As a small-cap bank stock with a market capitalisation of US$1.1b, First Bancorp’s (NASDAQ:FBNC) risk and profitability are largely determined by the underlying economic growth of the US regions in which it operates. A bank’s cash flow is directly impacted by economic growth as it is the main driver of deposit levels and demand for loans which it profits from. After the GFC, a set of reforms called Basel III was imposed in order to strengthen regulation, supervision and risk management in the banking sector. These reforms target banking regulations and intends to enhance financial institutions’ ability to absorb shocks resulting from economic stress which could expose banks like First Bancorp to vulnerabilities. Since its financial standing can unexpectedly decline in the case of an adverse macro event such as political instability, it is important to understand how prudent the bank is at managing its risk levels. Sufficient liquidity and low levels of leverage could place the bank in a safe place in case of unexpected macro headwinds. Today we will be measuring First Bancorp’s financial risk position by looking at three leverage and liquidity metrics.
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Why Does FBNC’s Leverage Matter?
A low level of leverage subjects a bank to less risk and enhances its ability to pay back its debtors. Leverage can be thought of as the amount of assets a bank owns relative to its shareholders’ funds. While financial companies will always have some leverage for a sufficient capital buffer, First Bancorp’s leverage ratio of less than the suitable maximum level of 20x, at 7.69x, is considered to be very cautious and prudent. This means the bank exhibits very strong leverage management and is well-positioned to repay its debtors in the case of any adverse events since it has an appropriately high level of equity relative to the debt it has taken on to remain in business. Should the bank need to increase its debt levels to meet capital requirements, it will have abundant headroom to do so.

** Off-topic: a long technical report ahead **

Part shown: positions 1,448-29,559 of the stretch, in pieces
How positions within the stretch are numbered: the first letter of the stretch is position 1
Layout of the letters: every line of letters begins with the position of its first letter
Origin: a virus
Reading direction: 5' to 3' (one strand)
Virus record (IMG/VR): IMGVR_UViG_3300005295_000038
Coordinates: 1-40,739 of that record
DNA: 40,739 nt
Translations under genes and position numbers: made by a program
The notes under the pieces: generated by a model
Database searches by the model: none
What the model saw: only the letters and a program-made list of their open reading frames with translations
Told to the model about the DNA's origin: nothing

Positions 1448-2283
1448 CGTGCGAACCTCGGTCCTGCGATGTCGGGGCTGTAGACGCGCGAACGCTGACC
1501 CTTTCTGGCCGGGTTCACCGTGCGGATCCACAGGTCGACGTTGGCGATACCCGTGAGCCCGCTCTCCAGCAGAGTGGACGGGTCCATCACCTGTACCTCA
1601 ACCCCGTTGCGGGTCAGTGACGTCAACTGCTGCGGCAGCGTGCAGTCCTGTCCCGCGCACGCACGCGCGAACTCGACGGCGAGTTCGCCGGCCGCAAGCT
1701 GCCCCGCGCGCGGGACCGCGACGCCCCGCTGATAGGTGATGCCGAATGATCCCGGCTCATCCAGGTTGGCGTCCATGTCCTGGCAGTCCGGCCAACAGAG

What Is FBNC’s Level of Liquidity?
As abovementioned, loans are quite illiquid so it is important to understand how much of these loans make up First Bancorp’s total assets. Normally, they should not exceed 70% of total assets, but its current level of 73% means the bank has lent out 3.01% above the sensible upper limit. This level implies dependency on this particular asset class as a source of revenue which makes the bank more exposed to defaulting relative to banks with less loans.
What is FBNC’s Liquidity Discrepancy?
A way banks make money is by lending out its deposits as loans. These loans tend to be fixed term which means they cannot be readily realized, conversely, on the liability side, customer deposits must be paid in very short notice and on-demand. The disparity between the immediacy of deposits compared to the illiquid nature of loans puts pressure on the bank’s financial position if an adverse event requires the bank to repay its depositors. Since First Bancorp’s loan to deposit ratio of 92% is higher than the appropriate level of 90%, this level places the bank in a relatively dangerous territory to go into negative discrepancy in liquidity. Basically, for $1 of deposits with the bank, it lends out over $0.9 which is imprudent.
Keep in mind that a stock investment requires research on more than just its operational side. Below, I’ve compiled three pertinent aspects you should further research:
- Future Outlook: What are well-informed industry analysts predicting for FBNC’s future growth? Take a look at our free research report of analyst consensus for FBNC’s outlook.
- Valuation: What is FBNC worth today? Has the future growth potential already been factored into the price? The intrinsic value infographic in our free research report helps visualize whether FBNC is currently mispriced by the market.
- Other High-Performing Stocks: Are there other stocks that provide better prospects with proven track records? Explore our free list of these great stocks here.
To help readers see past the short term volatility of the financial market, we aim to bring you a long-term focused research analysis purely driven by fundamental data. Note that our analysis does not factor in the latest price-sensitive company announcements.
The author is an independent contributor and at the time of publication had no position in the stocks mentioned. For errors that warrant correction please contact the editor at email@example.com.